There is No Crisis in American Industry
The crisis of American industry has become a truism across the whole political spectrum. Pundits and politicians offer various solutions to this crisis, all of them tacitly making the same assumptions about what it is. In fact, however, the entire notion of a crisis in US industry has little to do with reality, and everything to do with our preconceptions. Manufacturing in the US is at an all-time high.
According to the Federal Reserve data, we have now recovered to pre-recession levels of industrial production, which were the highest in our nation’s history. Why, then, is there bipartisan anxiety about our nation’s industrial decline?
Part of the answer has to do with the way we think about industry. The iconic version of manufacturing in the US is probably the 1950s—a postwar boom characterized by conspicuous heavy manufacturing. We built dams and skyscrapers and highways, out of a continent’s worth of gravel and iron ore and asphalt. It wasn’t just industry; it was the stuff people imagine when you say the word “industry”.
Our current industrial production is about five times greater than it was back in that “golden age”, but it looks very different. We are making satellites, solar panels, microscopic surgical implants. True, a lot of the iconic industrial production of the blast-furnace and monkey-wrench variety has moved on to countries with cheaper labor. But we didn’t “lose” it: we shifted to more complex, value-added production. Certain industrial sectors have moved abroad, to be sure, but this is not because we lack the will or technical ability to retain them. We just can’t afford it, in the way that billionaires cannot afford to wash their own dishes: their time is occupied in other ways.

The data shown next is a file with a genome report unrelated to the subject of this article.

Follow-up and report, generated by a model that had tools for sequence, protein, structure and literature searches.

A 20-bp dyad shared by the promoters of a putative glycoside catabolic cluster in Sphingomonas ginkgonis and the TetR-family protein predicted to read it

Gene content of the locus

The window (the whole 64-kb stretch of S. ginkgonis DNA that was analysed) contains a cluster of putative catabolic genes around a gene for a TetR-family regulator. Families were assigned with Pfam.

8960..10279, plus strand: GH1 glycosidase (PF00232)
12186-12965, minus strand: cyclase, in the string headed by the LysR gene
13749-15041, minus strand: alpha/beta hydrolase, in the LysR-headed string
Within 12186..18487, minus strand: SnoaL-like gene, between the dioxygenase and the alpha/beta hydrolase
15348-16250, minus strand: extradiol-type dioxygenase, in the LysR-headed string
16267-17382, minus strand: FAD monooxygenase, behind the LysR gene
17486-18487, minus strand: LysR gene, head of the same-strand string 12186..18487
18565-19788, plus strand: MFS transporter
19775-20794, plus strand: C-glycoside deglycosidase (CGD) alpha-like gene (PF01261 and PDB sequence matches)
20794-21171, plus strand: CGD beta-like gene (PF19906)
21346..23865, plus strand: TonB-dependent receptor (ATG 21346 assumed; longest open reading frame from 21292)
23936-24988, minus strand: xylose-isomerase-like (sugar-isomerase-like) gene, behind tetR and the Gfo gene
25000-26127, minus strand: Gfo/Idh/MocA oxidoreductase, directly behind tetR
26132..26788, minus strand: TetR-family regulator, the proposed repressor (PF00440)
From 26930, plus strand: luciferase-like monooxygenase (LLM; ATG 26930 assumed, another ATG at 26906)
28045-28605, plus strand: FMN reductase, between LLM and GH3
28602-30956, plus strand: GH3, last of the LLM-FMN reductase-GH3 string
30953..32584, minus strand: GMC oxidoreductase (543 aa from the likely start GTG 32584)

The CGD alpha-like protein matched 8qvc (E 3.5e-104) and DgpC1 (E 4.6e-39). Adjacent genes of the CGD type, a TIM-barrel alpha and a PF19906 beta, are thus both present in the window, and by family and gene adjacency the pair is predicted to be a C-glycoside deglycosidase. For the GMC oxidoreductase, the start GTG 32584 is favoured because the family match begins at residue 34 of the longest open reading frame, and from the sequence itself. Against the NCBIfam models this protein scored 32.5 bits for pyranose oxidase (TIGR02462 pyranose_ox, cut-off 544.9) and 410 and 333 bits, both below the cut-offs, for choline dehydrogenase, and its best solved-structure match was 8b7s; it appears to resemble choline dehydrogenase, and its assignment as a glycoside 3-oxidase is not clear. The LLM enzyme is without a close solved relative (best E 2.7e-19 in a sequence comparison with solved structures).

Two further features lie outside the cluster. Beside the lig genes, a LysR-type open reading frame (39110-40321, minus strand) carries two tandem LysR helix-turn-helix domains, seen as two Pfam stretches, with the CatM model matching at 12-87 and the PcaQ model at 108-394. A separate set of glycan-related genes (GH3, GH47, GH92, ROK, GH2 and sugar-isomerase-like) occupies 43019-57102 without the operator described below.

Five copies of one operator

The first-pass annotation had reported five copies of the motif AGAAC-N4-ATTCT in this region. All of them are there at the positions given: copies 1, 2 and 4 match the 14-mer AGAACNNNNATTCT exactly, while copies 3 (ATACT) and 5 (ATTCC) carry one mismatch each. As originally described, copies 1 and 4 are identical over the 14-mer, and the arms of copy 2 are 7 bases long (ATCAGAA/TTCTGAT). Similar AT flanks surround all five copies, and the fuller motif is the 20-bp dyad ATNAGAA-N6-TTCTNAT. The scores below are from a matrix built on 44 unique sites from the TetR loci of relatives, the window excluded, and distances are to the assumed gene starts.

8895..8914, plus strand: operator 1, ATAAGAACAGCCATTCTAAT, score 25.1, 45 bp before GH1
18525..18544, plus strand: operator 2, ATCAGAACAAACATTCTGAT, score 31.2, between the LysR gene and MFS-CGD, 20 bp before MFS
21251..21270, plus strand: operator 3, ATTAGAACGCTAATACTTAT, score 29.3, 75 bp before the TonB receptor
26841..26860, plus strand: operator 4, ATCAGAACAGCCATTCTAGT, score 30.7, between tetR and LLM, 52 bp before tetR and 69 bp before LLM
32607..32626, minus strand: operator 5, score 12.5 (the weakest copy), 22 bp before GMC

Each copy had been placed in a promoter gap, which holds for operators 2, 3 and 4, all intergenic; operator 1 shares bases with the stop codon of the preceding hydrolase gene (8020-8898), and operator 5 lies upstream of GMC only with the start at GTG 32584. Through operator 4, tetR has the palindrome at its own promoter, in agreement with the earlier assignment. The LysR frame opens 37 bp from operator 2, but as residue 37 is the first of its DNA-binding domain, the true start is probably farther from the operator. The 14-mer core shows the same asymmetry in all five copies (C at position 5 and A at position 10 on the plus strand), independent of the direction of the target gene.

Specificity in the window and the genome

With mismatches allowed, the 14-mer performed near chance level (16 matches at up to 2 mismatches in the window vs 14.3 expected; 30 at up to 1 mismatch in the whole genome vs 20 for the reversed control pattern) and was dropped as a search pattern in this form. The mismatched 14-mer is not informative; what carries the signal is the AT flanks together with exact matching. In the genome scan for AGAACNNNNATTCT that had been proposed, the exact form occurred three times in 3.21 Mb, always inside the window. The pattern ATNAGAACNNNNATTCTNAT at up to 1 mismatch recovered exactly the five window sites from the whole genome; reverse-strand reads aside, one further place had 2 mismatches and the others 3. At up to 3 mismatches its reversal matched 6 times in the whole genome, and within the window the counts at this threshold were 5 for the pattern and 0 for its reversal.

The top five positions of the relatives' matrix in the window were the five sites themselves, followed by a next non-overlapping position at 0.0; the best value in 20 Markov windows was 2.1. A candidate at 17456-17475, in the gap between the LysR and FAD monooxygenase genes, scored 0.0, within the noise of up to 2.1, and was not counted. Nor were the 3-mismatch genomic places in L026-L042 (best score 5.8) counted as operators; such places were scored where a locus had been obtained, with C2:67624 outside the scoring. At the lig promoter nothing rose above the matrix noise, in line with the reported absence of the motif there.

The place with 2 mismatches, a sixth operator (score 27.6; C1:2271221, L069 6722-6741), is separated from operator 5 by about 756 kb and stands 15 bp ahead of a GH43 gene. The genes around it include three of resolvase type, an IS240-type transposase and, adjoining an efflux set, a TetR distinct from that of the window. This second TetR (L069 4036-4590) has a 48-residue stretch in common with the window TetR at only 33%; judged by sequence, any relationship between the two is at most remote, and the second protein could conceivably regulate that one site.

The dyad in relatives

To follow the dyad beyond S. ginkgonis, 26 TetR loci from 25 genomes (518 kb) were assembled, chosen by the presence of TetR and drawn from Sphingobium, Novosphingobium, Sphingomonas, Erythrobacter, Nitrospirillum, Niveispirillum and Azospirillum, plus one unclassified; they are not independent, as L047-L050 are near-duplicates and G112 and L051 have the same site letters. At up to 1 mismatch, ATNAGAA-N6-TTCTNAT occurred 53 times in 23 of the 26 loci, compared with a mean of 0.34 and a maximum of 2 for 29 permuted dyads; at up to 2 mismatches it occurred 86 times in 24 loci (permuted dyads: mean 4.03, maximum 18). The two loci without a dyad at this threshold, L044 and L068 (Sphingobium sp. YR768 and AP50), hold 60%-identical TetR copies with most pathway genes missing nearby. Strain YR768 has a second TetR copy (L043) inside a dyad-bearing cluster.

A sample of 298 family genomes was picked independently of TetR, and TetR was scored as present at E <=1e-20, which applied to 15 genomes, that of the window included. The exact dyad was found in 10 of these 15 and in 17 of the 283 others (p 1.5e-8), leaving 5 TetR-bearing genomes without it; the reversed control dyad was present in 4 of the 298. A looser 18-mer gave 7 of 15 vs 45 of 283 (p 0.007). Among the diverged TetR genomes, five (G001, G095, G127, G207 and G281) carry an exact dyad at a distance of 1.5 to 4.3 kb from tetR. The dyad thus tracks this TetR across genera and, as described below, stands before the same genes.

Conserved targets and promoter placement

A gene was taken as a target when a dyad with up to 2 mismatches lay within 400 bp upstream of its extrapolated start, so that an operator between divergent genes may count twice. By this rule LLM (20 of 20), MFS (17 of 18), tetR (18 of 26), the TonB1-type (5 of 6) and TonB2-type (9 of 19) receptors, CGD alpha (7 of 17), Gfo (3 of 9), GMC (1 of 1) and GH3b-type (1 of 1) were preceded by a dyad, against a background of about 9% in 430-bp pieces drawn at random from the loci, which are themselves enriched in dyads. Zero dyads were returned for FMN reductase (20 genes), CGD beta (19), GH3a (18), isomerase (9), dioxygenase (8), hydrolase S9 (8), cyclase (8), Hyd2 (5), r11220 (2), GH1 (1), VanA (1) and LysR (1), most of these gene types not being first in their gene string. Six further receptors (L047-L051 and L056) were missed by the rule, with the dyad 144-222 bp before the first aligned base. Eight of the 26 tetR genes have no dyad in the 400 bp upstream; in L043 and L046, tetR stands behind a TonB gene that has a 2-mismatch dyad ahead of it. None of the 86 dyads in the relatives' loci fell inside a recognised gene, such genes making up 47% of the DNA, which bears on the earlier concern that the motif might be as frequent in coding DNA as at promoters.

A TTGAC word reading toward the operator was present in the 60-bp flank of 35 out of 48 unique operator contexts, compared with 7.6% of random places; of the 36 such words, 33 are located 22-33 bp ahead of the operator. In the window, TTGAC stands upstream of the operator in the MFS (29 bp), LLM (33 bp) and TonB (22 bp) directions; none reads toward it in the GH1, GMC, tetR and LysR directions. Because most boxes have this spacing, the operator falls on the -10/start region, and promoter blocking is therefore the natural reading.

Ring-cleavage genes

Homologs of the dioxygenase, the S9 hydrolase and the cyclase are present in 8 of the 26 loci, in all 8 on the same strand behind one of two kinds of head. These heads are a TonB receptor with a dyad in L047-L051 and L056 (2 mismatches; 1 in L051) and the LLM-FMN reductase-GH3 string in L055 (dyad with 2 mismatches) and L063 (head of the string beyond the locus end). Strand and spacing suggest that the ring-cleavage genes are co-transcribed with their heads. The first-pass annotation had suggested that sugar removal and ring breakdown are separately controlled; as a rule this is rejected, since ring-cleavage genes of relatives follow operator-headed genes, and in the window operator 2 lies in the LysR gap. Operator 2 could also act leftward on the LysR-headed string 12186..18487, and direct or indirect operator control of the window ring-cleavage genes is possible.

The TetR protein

This shift in the nature of American industry has had another effect, of course, which lends itself to the idea that American industry must be rescued: automation. Only about 10% of Americans are now employed in the industrial sector, though they are far more productive than industrial workers were a generation or two ago. Again, this runs up against our iconic vision of the American worker as an industrial worker, and our manufacturers as huge employers. In the last year, for instance, politicians of all stripes have talked a lot about coal miners, those legends of industry. Lost in that rhetoric is the fact that there are very few of them: only about 50,000. Solar employs five times more.
The process of automation and technical improvement that has changed our industry is hardly new. New technologies shrink the workforce in one sector, and those people go elsewhere, eagerly or not. We have seen this happen, and discussed it in more or less the same way, for at least four centuries. And that by itself demonstrates that industry does not need rescuing. Imagine if we had rescued the mining industry back in the 19th century, by refusing to allow steam drills? John Henry is a good song, but a poor economic policy.
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